Road safety fears amid Jeddah food delivery boom

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Jeddah - Yasmine El Tohamy - JEDDAH: Demand for food delivery is booming in Jeddah but it comes with a side of road disruptions and traffic due to the increasing number of two-wheelers on the coastal city’s streets.

Some say the boom has transformed roads and drawn thousands of delivery riders into high-risk situations in an effort to deliver food hot and on time. The riders’ behavior is being criticized by those who claim that they drive their motorcycles at high speeds and recklessly, committing violations that may lead to fatal traffic accidents.

In front of one of the famous restaurants in Jeddah, where delivery drivers gather, Pakistani national Irfan Hassan told Arab News: “The way we drive is normal, but the car drivers deal with us with intimidation and harass us. We have a specific time for delivery so that the food does not get cold.

“We know the traffic regulations well,” he added.

The increasing number of food delivery riders has also increased the frequency of traffic crashes involving riders.

Mahmoud Shukry, an Egyptian rider, said: “In almost one year, I’ve been in involved in about 3-4 accidents — some major, some minor.” Shukry added that he knows one rider who died on the job after being hit by a car.

FASTFACTS

• The Transport General Authority recently issued new regulations for order delivery business activities, which will come into effect on April 1.

• The regulations include a uniform for non-Saudis working in delivery services and grant permission to light transport vehicles to display advertisements.

“Last year I had a crash but it was due to the rain. Nothing happened to me, I pulled over and everything was safe,” he said.

Mohammad Al-Malki, 36, a bank employee said: “Most delivery drivers put people’s lives at risk. The way they ride their bikes is frightening and requires intervention.”

He added: “I encountered at least four accidents involving them at the peak of traffic congestion.”

Another delivery driver, Hussain Al-Wadani, from Yemen, said that he has been working in the profession since the outbreak of the COVID-19 pandemic.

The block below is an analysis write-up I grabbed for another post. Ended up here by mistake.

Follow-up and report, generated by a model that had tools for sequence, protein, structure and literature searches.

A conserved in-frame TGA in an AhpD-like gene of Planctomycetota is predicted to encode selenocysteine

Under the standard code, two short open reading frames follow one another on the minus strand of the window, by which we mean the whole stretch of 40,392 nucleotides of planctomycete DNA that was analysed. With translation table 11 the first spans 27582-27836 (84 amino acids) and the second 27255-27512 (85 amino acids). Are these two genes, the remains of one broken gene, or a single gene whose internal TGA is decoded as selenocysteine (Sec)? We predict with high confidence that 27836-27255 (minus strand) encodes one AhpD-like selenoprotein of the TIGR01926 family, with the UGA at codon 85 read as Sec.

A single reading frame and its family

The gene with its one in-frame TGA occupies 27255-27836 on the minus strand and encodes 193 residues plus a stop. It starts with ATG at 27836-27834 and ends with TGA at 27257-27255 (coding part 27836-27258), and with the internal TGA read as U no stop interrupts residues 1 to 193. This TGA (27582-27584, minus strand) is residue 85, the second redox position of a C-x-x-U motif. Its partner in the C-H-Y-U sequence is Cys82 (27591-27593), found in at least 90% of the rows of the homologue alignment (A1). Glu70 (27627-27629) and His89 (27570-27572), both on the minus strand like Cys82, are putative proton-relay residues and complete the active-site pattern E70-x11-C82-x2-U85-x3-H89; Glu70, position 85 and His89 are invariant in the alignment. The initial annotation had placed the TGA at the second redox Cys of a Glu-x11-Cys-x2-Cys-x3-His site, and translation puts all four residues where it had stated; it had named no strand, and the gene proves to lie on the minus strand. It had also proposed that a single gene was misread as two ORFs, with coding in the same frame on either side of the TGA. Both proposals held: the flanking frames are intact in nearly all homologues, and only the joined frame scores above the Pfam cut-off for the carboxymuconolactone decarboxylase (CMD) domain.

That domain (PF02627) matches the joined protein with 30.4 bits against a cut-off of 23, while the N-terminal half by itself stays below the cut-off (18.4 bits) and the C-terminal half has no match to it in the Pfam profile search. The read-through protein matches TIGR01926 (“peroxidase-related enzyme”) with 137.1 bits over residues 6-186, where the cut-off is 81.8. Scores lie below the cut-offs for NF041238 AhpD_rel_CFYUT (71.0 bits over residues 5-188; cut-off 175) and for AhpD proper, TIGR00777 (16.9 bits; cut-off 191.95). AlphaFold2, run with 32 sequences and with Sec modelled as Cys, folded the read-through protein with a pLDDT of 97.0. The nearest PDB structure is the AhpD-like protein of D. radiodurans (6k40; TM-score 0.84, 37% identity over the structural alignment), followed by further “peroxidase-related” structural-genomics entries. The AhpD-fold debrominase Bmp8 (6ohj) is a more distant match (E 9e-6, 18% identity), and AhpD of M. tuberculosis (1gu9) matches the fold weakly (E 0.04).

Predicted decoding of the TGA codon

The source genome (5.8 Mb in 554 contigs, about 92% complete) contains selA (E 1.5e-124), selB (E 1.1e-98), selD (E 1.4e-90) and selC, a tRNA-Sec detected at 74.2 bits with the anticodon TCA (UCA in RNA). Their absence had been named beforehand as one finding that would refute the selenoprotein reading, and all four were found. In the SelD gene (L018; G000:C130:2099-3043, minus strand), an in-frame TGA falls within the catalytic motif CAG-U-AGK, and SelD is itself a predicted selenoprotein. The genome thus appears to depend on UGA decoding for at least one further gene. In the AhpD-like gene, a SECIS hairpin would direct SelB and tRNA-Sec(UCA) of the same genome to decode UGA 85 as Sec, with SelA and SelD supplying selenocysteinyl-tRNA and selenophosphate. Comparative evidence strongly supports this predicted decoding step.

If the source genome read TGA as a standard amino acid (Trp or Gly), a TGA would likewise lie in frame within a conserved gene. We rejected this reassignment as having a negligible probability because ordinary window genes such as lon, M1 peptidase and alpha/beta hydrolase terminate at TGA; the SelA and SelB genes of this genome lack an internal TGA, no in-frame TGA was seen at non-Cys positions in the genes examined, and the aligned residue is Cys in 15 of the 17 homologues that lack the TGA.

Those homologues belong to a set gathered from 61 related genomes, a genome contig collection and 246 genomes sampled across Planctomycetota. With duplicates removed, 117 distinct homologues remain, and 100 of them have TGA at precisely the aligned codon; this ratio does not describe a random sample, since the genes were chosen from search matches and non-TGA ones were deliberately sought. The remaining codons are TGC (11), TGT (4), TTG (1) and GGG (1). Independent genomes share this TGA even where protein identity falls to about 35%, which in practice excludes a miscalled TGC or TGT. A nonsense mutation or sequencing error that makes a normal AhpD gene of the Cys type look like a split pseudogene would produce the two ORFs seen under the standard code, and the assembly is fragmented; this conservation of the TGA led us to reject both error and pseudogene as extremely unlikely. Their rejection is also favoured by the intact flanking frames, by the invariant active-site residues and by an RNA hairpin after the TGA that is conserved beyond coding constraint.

“Currently, to deliver an order, it ranges between SR20-30 ($5-8), depending on the distance, the size, quality and quantity of the order. Nowadays, if you make around 30 orders a day, the monthly income exceeds SR8,000,” he said.

Columnist Zail Al-Fadel has called authorities to take urgent action against the rapid increase in motorcycle usage, especially by delivery riders: “The rise in delivery motorcycles has led to increased instances of dangerous driving behaviors. This includes speeding, driving around cars in big numbers and engaging in wrong-way driving, which heighten the risks of accidents and compromises overall road safety.”

Ali Malibari, a specialist in transportation and traffic engineering, said that delivery motorcycles have increased traffic congestion on Jeddah’s main streets.

Malibari said: “Bike drivers lack adherence to safety procedures and standards, most notably not wearing a helmet. Unfortunately, the number of motorcycles is constantly increasing.”

He added: “The presence of motorcycles is normal, but it needs legalization and good traffic presence, and there must be awareness of these drivers.”

The Transport General Authority recently issued new regulations for order delivery business activities, which will come into effect on April 1.

The regulations introduce a uniform for non-Saudis working in delivery services, require non-Saudis to work only through light transport companies, grant permission to light transport vehicles to display advertisements, require delivery applications to use face recognition technology to verify a driver’s identity, determine the requirements for the use of motorcycles to deliver orders, in coordination with the General Directorate of Traffic, and stipulate that Saudis may continue to work in the field.

 

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